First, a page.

2. Incorporate benefits into your tagline – this ensures that your core message is being heard whenever the tagline is used.

4. DSC told a story

As humans, we remember and enjoy consuming ideas and concepts that are communicated as a story.

DSC takes us through an amazing story of why they created the product, how it can help and what exactly it does. Through a great story, we can watch the video once and know exactly what they do and why they’re different.

They also use storytelling fundamentals like drawing on celebrities and people we know to make it easier for us to relate. For example, DSC mentioned Roger Federer as reason why the prices of Gillette razors were so expensive. This is brilliant! It helps us relate and understand the benefit.

You probably thought, “Oh yeah, Federer probably gets paid millions from Gillette – they must have to pass that cost on to us.”

What you can learn from DSC:

  1. Use stories to explain your ideas, concepts, features and benefits – humans want to read and share stories, not features. Use stories to build rapport with your audience.
  2. Use storytelling to visualise your products features. “It’s so gentle a toddler could use it” is a great description that helps the viewer visualise the Aloe Vera strip feature.
  3. Let people draw their own conclusions. You don’t always need to be explicit in the story, simply implying facts and letting your audience think, can often work very well.

5. Focus on the benefits

Too many times marketers create videos that focus on features. You need to focus on the benefits!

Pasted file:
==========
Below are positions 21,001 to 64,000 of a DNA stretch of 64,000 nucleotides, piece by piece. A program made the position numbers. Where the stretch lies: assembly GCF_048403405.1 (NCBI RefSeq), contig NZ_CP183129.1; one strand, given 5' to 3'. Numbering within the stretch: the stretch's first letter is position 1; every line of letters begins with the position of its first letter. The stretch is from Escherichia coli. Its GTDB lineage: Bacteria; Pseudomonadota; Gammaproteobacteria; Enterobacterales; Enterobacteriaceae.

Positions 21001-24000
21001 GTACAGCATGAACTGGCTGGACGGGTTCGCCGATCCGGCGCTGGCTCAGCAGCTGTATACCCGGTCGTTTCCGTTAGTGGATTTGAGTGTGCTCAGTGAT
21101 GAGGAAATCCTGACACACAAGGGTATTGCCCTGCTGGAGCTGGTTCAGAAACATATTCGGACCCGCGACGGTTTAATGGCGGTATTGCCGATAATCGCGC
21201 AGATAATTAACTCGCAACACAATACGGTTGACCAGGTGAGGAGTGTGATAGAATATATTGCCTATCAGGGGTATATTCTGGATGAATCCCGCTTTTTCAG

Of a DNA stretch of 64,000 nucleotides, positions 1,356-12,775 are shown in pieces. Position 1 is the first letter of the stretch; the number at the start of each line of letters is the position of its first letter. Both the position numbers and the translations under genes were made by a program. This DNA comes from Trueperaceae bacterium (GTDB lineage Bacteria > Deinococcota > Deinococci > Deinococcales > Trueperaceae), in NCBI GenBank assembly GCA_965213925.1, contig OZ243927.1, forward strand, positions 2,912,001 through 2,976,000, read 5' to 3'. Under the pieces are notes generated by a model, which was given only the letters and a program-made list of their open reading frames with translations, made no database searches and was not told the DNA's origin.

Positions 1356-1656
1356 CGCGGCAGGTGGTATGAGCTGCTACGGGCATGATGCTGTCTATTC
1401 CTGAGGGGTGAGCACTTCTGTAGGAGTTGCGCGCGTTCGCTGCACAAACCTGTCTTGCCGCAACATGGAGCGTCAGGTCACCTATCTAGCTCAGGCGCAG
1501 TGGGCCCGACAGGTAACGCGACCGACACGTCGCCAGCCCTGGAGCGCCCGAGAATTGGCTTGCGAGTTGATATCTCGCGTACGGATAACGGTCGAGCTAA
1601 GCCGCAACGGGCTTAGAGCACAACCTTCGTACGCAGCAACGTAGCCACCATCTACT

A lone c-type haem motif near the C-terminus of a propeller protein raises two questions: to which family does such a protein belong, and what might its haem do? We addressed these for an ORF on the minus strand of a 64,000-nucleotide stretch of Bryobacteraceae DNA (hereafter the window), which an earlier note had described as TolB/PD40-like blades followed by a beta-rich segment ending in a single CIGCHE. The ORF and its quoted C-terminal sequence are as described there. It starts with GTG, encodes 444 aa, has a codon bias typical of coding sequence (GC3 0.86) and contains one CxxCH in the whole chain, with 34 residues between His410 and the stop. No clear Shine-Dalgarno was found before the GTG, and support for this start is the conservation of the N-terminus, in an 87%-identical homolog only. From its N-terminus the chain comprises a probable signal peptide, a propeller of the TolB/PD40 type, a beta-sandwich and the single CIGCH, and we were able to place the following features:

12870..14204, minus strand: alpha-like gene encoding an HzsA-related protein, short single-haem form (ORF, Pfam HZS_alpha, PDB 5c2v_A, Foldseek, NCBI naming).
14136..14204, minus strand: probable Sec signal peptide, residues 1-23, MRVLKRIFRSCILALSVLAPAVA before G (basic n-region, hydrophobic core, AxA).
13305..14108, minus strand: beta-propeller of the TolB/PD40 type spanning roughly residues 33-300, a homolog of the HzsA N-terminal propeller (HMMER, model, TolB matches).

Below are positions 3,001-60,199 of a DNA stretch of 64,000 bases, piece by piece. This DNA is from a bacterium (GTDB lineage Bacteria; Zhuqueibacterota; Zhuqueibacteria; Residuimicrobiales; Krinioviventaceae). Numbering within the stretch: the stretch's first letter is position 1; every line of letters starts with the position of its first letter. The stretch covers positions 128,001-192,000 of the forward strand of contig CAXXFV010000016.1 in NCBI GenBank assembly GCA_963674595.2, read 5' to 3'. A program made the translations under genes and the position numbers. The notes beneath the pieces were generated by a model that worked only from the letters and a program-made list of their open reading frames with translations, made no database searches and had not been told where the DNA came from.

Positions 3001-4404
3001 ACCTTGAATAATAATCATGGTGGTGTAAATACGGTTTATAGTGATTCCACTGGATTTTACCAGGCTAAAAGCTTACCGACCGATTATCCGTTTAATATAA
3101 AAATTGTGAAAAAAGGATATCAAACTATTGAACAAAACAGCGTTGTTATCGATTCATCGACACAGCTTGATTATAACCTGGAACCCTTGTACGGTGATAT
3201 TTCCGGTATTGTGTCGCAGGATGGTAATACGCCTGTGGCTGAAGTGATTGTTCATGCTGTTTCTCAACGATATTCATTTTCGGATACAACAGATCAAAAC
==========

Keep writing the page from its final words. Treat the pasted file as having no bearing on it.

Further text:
Imagine if DSC focused on selling the features in this video. It would sound like, “Our razors have an Aloe Vera strip that helps reduce irritation. We offer shipping.”

That just wouldn’t convince anyone to buy. Why? Because every other product has similar features.

DSC did a great job of selling the benefits: Convenience and price.

Instantly, when you watch the video you know whether this product can help you or not. DSC showed us how the benefit of buying through them was different to buying razors the traditional way.

What you can learn from DSC:

  1. Don’t sell features, sell benefits – And don’t tell the viewer about the benefits; show them the benefits and how they can help.
  2. Focus on benefits that solve problems – make sure the benefits shown in the video focus the biggest pain points.

6. Know the goal of the video and the next steps

Every video needs a call to action (CTA) and goal – what do you want the viewer to do after they watch the video.

In this video, DSC was crystal clear in wanting viewers to go to their website and sign up. They used a clever landing page which extended on the experience from the video. It offered more information about the product, instructions on how the subscription works and a ‘buy now’ link.

There’s no way DSC would have generated 12,000 sales within 48 hours if they didn’t have a clear CTA on the video and a consistent landing page to direct customers to. Check out the landing page for inspiration:

dollar shave club landing page

What you can learn from DSC:

  1. All marketing needs a clear goal and CTA – what’s the purpose of the video? Is it to create a sale, build brand awareness or educate?
  2. Make sure you have a landing page that is tightly linked to the video – the landing page must have a consistent look and feel and offer extra information that extends on the video. This way, the viewer knows they are in the right place and can take the next action you want them to take- i.e. buy.

Follow this formula and you’ll give yourself the best chance of making your promotional video a success

There are a lot of factors that go into a good promotional video. Some elements you have control over and others you don’t. By ensuring you use the elements we have discussed in this blog post, you can give yourself the best chance of launching a promotional video that connects with your audience, encourages sharing and engagement and generates new customers and revenue for your business.

Your thoughts?